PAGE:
September 17 Siliwangi division drives PKI out of Surakarta; PKI retreats to Madiun.

September 18 PKI attempts a coup in Madiun; kills pro-government officers there.

September 19 PKI figures in Yogya arrested; Sukarno denounces the Madiun coup; Musso replies that he will fight; popular opinion sides with Sukarno.

September 30 Siliwangi division recaptures Madiun. PKI abandons Madiun, pursued by army. Aidit and Lukman leave for China.

The "Madiun incident" was the second time the PKI made an unsuccessful, poorly-planned revolt. The first was against the Dutch in 1926-7; the last was in 1965.

The events at Madiun changed the opinion of United States diplomats toward the new Republic. Formerly suspicious, the USA now saw Indonesia as a potential ally against Communism.

October 1948


Pro-government Tan Malaka followers create Murba Party. Tan Malaka is arrested again.

October 11 Van Mook resigns as Lt.-Governor of the Indies.

October 31 Musso killed while attempting to escape arrest.


November 1948


November 26 Dutch create state of Jawa Timur in occupied areas of East Java.

Dutch abolish post of Governor-General, replacing it with a "High Representative of the Crown".

(Map: December 1948)

December 1948


December 1 Amir Sjarifudddin captured.

December 11 Dutch inform UN representatives that further talks with the Republic are "futile".

December 18 Dutch organize Negara Sumatra Selatan state, with capital at Palembang.

December 18 Dutch officials tell representatives of the United States and the Republic of Indonesia in Jakarta that they are cancelling the Renville agreement. The news does not reach Yogya, as the Dutch have already cut the phone lines there.

December 19 Second Dutch "police action" begins at 5:30 A.M. without warning. Yogya falls to the Dutch.

Emergency government for Indonesia is declared (PDRI) at Payakumbuh nearby under Sjafruddin Prawiranegara. Soedirman radios his immediate support for the emergency government.

Civil government of republic, including Sukarno, Hatta, Sjahrir, allows itself to be captured, hoping to outrage world opinion; Sukarno and Sjahrir are taken into Dutch custody, and eventually flown to Bangka. Sultan Hamengkubuwono IX of Yogya remains in his palace, and does not leave during the entire Dutch occupation.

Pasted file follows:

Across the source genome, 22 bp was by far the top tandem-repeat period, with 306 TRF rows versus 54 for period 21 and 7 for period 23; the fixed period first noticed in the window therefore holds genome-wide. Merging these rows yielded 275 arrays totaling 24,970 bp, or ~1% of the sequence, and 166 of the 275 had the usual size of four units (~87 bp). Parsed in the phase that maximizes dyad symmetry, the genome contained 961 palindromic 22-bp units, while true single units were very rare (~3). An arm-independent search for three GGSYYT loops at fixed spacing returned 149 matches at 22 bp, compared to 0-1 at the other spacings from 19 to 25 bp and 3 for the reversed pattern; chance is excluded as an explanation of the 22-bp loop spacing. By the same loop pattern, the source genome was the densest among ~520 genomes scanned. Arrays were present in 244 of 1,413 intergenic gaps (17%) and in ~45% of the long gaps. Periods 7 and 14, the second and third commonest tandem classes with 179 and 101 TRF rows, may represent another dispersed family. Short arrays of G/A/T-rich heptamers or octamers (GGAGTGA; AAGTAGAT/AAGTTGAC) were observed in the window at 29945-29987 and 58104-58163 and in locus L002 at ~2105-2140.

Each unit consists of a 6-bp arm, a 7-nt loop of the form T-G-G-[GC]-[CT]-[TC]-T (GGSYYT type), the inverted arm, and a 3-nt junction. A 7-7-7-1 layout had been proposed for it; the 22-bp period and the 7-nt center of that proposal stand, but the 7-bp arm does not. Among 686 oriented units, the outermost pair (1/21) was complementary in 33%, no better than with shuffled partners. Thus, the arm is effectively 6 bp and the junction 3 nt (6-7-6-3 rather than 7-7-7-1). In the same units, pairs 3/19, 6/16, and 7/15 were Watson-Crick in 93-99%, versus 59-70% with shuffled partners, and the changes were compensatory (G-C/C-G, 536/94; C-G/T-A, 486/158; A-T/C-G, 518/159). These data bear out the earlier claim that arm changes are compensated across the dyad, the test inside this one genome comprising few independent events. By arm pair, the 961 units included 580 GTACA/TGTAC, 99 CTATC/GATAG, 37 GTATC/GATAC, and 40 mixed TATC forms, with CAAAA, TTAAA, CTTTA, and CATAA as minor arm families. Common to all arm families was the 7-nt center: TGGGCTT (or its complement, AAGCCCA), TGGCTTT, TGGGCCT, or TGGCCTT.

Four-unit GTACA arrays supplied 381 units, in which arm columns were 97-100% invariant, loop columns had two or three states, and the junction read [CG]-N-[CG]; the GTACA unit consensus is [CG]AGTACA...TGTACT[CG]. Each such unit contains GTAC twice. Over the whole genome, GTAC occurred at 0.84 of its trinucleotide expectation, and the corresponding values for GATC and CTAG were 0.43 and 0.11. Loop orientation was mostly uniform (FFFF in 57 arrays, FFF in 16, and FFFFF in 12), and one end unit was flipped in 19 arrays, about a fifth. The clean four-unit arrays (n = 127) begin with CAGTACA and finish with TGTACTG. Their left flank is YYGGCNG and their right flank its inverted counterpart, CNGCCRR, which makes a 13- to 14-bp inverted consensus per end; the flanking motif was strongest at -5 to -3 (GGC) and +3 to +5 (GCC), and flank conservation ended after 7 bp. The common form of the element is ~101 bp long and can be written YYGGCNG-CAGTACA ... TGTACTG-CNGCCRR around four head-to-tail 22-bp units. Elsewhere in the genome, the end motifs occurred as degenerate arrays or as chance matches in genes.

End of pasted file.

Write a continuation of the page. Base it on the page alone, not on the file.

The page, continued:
Dutch occupy Bukittinggi.

Tan Malaka escapes again during the confusion.

December 20 Army executes Sjarifuddin, withdraws from Yogya.

All of Indonesia except for Aceh and parts of Sumatra are under Dutch control. Guerilla warfare heats up; Soedirman leads guerilla war from sickbed.

Many American newspapers publish editorials against the Dutch.

December 22 Nasution declares military government for Java.

UN is outraged at Dutch; Dutch attack while UN observers are at Kaliurang.

19 Asian countries boycott Dutch.

Dutch-chosen members of East Indonesia state government vote to condemn the "police action".

USA suspends postwar aid to the Netherlands (Marshall Plan money) that is budgeted for military use in Indonesia.

December 24 UN Security Council calls for end to hostilities.

December 31 Dutch accept UN call for ceasefire in Java.

Panglima Besar Soedirman
Soedirman is warmly remembered today as perhaps the greatest hero of the revolution. Towards the end of the fighting, he fell ill and directed troops from his sickbed.

Soedirman was another complex character in the revolutionary era. He had been impressed by Japanese military traditions and the spirit of bushido; yet he was also thought to be sympathetic to the leftist movement of Tan Malaka. He was one of the military figures who was not completely trusting of the political leadership (such as Sjahrir), as to them the political leadership seemed more interested in compromise than victory. This feeling was certainly strengthened when the entire political leadership allowed itself to be taken captive by the Dutch on December 19, 1948.

January 1949


January 5 Dutch accept UN call for ceasefire in Sumatra

Sultan Hamengkubuwono IX of Yogya refuses Dutch offer to head new Javanese state, resigns as head of Yogya government, and gives help to Republic guerilla fighters.

January 28 UN Security Council demands release of the Republican government, and independence for Indonesia by July 1, 1950.

There was significant guerilla activity against the Dutch during this period, led by Nasution and Sudirman. At the height of Dutch activity in the 1940s, there were around 150,000 Dutch forces in Indonesia.

February 1949


February 7 Resolution is introduced in United States Senate to stop all Marshall Plan aid to the Netherlands. Resolution is defeated on March 8.


March 1949


March 1 Guerillas retake Yogya for six hours under Suharto. (Later, this event would be called the "serangan umum" or "public offensive".)

March 31 U.S. Secretary of State Dean Acheson privately tells Dutch that their Marshall Plan aid is still in jeopardy.


April 1949


April 6 United States Senate passes resolution to stop Marshall Plan aid to the Netherlands, but only if the UN Security Council votes sanctions against the Netherlands.

April 16 Tan Malaka is captured and executed by a TNI commander after a Dutch contingent attacks the town where he was staying.

April 22 Dutch announce that they will return the Republican government to Yogya if the guerilla war stops.